When unique IDs are not…unique
Amongst data experts (who often have differing ideas about the naming and structuring of things) there is one thing that I think is almost universally acknowledged: unique identifiers for entities and things are A Good Thing. They’re good for helping people and services who rely on that data keep track of changes over time, and they’re good for helping handle some of the ambiguity and inconsistency that comes from the complexity of our fast-moving modern world.
Before we throw a Hooray For Broad Consensus party, I’m afraid there is a catch. In my continuing attempts to help government build a core infrastructure of authoritative data, I’ve seen a lot of identifiers which are widely considered to be unique but then turn out to be…not unique.
In all of the below, I’ve used totally made up examples. They’re for illustration only, because talking about data concepts in the abstract isn’t helpful for anyone. If there is a real-life example of a pitfall that I know of, I’ve deliberately chosen illustrative examples in an entirely different subject domain (turns out the examples are mostly food based, because I’m hungry as I write this).
I think this is important to point out because one of the strongest consistent themes throughout my time working in this area is that the public sector is full of people doing really great work with data, in really challenging circumstances. One of the things that makes this work challenging is that making some of the big changes often needed comes with an associated risk of exposing the ‘before’, as well as the shiny ‘after’. That can make organisations understandably nervous about making any changes to their data management at all. Undermining the work of others damages us all. I’m a very firm believer in the retrospective prime directive, and it applies here (it applies everywhere, anytime, imo).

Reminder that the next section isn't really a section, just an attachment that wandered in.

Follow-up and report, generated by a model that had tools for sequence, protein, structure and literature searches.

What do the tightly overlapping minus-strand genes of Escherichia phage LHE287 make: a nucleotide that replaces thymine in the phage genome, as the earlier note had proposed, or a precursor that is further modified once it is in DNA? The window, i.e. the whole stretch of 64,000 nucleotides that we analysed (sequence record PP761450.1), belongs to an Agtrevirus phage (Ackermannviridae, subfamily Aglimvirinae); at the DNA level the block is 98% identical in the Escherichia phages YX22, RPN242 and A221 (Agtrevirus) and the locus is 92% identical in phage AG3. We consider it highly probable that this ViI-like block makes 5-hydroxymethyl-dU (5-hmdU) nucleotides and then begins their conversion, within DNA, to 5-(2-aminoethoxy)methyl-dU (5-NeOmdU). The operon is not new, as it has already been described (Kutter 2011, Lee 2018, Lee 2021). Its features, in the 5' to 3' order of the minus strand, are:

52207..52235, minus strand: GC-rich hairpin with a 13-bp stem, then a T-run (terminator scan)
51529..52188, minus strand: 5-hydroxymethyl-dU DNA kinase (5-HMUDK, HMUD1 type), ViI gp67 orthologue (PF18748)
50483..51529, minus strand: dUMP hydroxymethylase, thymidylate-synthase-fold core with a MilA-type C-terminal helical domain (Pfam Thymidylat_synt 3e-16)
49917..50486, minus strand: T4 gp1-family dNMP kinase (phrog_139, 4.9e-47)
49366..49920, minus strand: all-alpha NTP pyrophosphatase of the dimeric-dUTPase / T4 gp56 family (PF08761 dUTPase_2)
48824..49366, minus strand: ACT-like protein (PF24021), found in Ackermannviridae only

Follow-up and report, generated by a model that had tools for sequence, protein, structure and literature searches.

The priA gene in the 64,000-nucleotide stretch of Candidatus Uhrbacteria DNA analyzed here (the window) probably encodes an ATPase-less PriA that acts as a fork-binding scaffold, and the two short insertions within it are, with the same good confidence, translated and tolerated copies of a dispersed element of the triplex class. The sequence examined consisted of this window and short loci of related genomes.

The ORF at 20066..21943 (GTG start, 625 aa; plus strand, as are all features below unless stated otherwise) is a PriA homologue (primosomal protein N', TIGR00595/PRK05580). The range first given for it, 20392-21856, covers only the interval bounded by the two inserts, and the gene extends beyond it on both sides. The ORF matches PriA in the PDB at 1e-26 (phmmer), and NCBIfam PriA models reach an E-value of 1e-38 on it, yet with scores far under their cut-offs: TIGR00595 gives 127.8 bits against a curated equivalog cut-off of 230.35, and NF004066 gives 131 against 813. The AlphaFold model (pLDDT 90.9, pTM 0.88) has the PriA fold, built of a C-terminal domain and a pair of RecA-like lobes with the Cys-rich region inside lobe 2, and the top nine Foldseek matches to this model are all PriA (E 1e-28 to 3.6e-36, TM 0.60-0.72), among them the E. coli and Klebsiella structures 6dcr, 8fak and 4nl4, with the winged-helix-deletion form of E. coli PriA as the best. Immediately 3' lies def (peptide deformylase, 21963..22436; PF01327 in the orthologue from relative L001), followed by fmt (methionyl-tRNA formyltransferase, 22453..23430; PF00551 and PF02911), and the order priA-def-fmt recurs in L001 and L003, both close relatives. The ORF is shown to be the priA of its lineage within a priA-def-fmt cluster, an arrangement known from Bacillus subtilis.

“Regardless of what we discover, we understand and truly believe that everyone did the best job they could, given what they knew at the time, their skills and abilities, the resources available, and the situation at hand.”
— Norm Kerth, Project Retrospectives: A Handbook for Team Review
So, let’s get started. Here are a few common pitfalls that can make unique identifiers a little less useful than we might all hope, and a bit squidgier than we might like for building infrastructure. For each one of these pitfalls, there are multiple real examples of really good practice — I’ll try and collect some of those for a later blog post.
Inconsistency about which changes should result in a brand new identifier
Say you create unique identifiers for ice cream shops. IC317 identifies Scoopy Doopy Doo. After a year of trading, Scoopy Doopy Doo changes its name to Cone with the Whip, but it keeps the same proprietor and occupies the same premises. No real issues there (apart from my terrible puns).
If, later, the proprietor changes — say the shop is bought out by an existing chain — does it keep the same ID, or does it get a new one?